crashes
Cyclists
Pedestrians
Roundabout crash prediction models
22
Figure 2.6 Percent of crashes where a particular cause is reported
2.3 Influence of speed, visibility and design
2.3.1 Previous roundabout crash prediction model studies
A small number of studies internationally have examined the influence of roundabout design on crash
occurrence. The majority of studies on roundabout safety focus on the conversion of priority and signal
controlled intersections to roundabout control.
This section summarises the results of four studies investigating the effect of roundabout design.
These include studies undertaken in New Zealand, Australia, the United Kingdom and Sweden. The
New Zealand and Australian studies are investigated in detail, as designers in both countries generally
follow the design advice in the Austroads Guide for roundabout design (Austroads 1993). The final
section summaries the key variable relationships pertaining to the objectives of this study.
2.3.2 Harper and Dunn (2005) – New Zealand
Harper and Dunn (2005) detail research on the development of crash prediction models for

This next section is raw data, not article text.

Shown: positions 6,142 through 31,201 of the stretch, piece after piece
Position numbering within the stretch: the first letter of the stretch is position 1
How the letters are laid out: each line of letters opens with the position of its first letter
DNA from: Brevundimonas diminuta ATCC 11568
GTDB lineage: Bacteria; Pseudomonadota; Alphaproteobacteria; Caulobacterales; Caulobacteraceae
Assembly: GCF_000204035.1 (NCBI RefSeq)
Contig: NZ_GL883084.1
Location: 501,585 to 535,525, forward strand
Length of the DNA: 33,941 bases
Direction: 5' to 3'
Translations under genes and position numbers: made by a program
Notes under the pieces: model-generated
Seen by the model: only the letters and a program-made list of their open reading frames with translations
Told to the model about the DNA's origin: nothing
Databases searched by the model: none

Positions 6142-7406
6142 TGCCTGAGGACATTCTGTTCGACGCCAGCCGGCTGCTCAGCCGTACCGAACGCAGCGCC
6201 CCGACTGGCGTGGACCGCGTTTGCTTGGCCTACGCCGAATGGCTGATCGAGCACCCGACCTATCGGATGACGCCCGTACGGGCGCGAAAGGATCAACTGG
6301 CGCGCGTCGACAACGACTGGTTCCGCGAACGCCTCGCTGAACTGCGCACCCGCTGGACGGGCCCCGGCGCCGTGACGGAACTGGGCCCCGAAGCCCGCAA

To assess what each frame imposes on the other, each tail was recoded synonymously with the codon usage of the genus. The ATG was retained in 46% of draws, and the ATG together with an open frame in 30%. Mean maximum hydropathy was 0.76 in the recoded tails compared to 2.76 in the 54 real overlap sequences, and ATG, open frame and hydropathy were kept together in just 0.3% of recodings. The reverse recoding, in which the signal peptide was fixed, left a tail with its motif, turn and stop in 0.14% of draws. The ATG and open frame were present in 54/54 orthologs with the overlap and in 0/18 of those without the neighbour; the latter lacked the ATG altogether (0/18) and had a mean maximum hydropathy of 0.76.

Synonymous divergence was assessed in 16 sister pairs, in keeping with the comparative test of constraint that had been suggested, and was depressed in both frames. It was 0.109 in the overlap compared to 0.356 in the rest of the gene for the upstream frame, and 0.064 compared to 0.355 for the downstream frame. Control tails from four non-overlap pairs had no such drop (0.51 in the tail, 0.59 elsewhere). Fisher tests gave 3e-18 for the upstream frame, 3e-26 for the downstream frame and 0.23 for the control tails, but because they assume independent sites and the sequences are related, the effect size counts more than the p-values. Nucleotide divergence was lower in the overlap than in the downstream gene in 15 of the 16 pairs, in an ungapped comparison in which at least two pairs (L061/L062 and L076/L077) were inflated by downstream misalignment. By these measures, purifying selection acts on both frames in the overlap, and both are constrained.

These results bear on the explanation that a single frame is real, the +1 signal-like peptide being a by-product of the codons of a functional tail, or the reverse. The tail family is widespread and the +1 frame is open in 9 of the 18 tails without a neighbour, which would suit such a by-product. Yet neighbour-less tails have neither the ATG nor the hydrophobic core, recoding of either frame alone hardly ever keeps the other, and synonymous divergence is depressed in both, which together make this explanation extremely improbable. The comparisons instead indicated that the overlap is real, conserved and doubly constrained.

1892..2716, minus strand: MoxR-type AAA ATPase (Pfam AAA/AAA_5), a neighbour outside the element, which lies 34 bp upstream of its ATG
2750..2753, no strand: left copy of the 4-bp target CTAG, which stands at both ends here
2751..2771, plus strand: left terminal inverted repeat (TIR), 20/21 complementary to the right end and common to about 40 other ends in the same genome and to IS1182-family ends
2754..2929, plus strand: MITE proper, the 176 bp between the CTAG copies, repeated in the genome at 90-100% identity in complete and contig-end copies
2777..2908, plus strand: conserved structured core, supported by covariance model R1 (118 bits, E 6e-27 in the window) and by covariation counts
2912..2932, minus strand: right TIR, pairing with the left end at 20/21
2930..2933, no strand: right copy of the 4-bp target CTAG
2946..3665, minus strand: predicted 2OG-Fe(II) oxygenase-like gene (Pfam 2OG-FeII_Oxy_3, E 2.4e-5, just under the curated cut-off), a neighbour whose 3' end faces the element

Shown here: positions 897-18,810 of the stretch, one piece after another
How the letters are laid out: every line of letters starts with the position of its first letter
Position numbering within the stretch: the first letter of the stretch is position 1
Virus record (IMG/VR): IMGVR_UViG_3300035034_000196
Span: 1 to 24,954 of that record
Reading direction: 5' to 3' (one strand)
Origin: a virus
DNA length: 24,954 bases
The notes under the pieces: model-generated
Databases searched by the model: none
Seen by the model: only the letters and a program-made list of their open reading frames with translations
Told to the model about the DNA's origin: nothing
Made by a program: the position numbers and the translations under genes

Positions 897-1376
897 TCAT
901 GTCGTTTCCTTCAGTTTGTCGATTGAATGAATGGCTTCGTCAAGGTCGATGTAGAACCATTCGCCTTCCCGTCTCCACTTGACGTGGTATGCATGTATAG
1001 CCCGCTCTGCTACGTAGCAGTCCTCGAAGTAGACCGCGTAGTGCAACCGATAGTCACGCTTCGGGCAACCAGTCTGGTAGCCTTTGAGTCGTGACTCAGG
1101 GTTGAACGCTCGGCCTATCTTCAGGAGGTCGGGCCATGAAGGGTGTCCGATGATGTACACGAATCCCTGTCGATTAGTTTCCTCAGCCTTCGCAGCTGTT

roundabouts, including geometric variables. Their models were developed using a dataset of 95 urban
roundabouts throughout New Zealand. A number of the roundabouts used in this study were common
to the study undertaken by Turner (2000) and this study.
Harper and Dunn (2005) developed models for individual crash types and product of link crashes using
similar crash types to those used by Turner (2000). They found that in most cases, the inclusion of
geometric variables improved the predictive accuracy of the models.
Scaled aerials were used to measure a number of geometric variables. The measurements were taken in
respect to each approach. Harper and Dunn (2005) noted that sight distance could not be accurately
calculated from aerial photos and therefore excluded this from their analysis. Also, deflection was
0%
5%
10%
15%
20%
25%
Failed to
give way Did not see
or look for
another
party until
too late
Alcohol or
drugs Too fast for
conditions Inattentive;
failed to
notice
Wrong
lane/turne
d
from wrong
position
Following
too closely
Percent o
f
crashes
2 Roundabout crash trends and previous studies
23
excluded from the analysis, as no apparent standard had been established for defining the deflection
path. The geometric characteristics used in the study are illustrated in figure 2.7.
Roundabout crash prediction models
24
Figure 2.7 Basic geometric measurement definition plan (from Harper and Dunn 2005)
Notes to figure 2.7:
CW = circulating width
SPLL = splitter island length
SPLW = splitter island width
ACDNA = alternative chord distance to next approach